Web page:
What not to do on a job interview: Don’t play the arrogant card

Original image courtesy of Amtec Staffing

A few years back, we were hiring a new ASP.NET developer and did a few rounds of interviews with a set of candidates.  For this position we were experimenting with having the candidate take a programming exam as part of the process.  An exam that we ended up abandoning after that round, but more about that later on.

What was the exam?

The exam wasn’t a traditional multiple choice or fill in the blank type of exam.  We were checking for that kind of knowledge during the interviews.  This exam was all coding.  The candidate needed to create an ASP.Net app that required the user to login in and display a list of items from a database. The exam consisted of 4 or 5 steps, with each one building on the previous step.  The candidate was given the following

  • A laptop that was using Remote Desktop to connect to a virtual machine. We provided a keyboard and mouse for people who don’t like typing on laptops.
  • The virtual machine had Windows with plenty of memory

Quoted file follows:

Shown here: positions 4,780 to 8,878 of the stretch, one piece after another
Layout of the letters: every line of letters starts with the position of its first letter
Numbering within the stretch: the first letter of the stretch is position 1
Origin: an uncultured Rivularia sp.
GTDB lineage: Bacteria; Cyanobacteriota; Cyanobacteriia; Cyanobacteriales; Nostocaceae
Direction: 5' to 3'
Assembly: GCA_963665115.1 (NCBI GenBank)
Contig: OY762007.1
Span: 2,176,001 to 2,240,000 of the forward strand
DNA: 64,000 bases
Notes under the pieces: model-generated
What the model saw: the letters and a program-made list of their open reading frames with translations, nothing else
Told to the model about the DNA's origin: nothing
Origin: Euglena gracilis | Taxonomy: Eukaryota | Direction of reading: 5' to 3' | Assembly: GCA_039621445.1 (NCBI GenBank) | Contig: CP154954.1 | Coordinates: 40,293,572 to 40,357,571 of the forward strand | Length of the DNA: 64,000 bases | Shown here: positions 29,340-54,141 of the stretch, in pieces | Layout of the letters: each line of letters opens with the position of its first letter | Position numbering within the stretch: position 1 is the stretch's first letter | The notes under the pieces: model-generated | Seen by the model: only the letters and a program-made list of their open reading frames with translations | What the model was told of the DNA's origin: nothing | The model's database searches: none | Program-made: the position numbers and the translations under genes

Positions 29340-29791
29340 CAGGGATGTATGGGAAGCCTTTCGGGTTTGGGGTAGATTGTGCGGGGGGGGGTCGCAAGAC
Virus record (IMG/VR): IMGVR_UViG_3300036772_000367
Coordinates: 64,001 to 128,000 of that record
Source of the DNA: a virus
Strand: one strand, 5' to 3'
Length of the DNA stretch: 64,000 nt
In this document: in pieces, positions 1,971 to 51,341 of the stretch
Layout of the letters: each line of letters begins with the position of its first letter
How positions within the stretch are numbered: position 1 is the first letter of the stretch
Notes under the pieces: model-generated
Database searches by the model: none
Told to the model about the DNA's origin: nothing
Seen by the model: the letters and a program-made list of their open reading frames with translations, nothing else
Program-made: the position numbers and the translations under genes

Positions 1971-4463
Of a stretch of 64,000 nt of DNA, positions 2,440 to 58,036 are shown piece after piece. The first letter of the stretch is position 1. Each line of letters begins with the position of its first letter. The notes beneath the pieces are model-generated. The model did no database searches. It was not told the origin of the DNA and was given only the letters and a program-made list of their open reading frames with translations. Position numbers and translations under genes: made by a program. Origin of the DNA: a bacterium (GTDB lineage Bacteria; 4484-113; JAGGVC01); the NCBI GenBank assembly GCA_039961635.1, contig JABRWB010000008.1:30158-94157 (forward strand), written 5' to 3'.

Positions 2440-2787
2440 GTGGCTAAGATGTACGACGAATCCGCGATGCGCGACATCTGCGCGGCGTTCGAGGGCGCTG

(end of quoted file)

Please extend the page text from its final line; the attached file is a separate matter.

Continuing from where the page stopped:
• The virtual machine had IIS installed and configured for ASP.NET
  • SQL Server was installed on the virtual machine and had a database with the user store and the list of items to display
  • Full access to the Internet

The steps were roughly as follows

  • Create an ASP.Net web app
  • Connect the app to the SQL Server database
  • Add a login page
  • Validate a user’s login credentials from the database
  • Add a page that would display a list
  • Populate the list from the database.  The list needed to include a set of fields.

The candidate was given 2 hours in a quiet room to do the exam.  We made it clear that they could use any resource on the Internet to solve the problems.  If they copied every single line of code, that was fine as long as they could explain what each line did.  My career could be a testament to the power of Stack Overflow, it makes me smarter. After the 2 hours had elapsed, we would regroup and the candidate would walk us through the code and explain how the code worked.

We were not expecting anyone to actually complete all of the steps.  I did the exam in just under two hours.  I had the advantage of having devised the exam, but I had little ASP.NET experience at the time.  We were looking to see how the candidates worked and what their problem solving skills looked like.  We wanted to see how the sausage was made.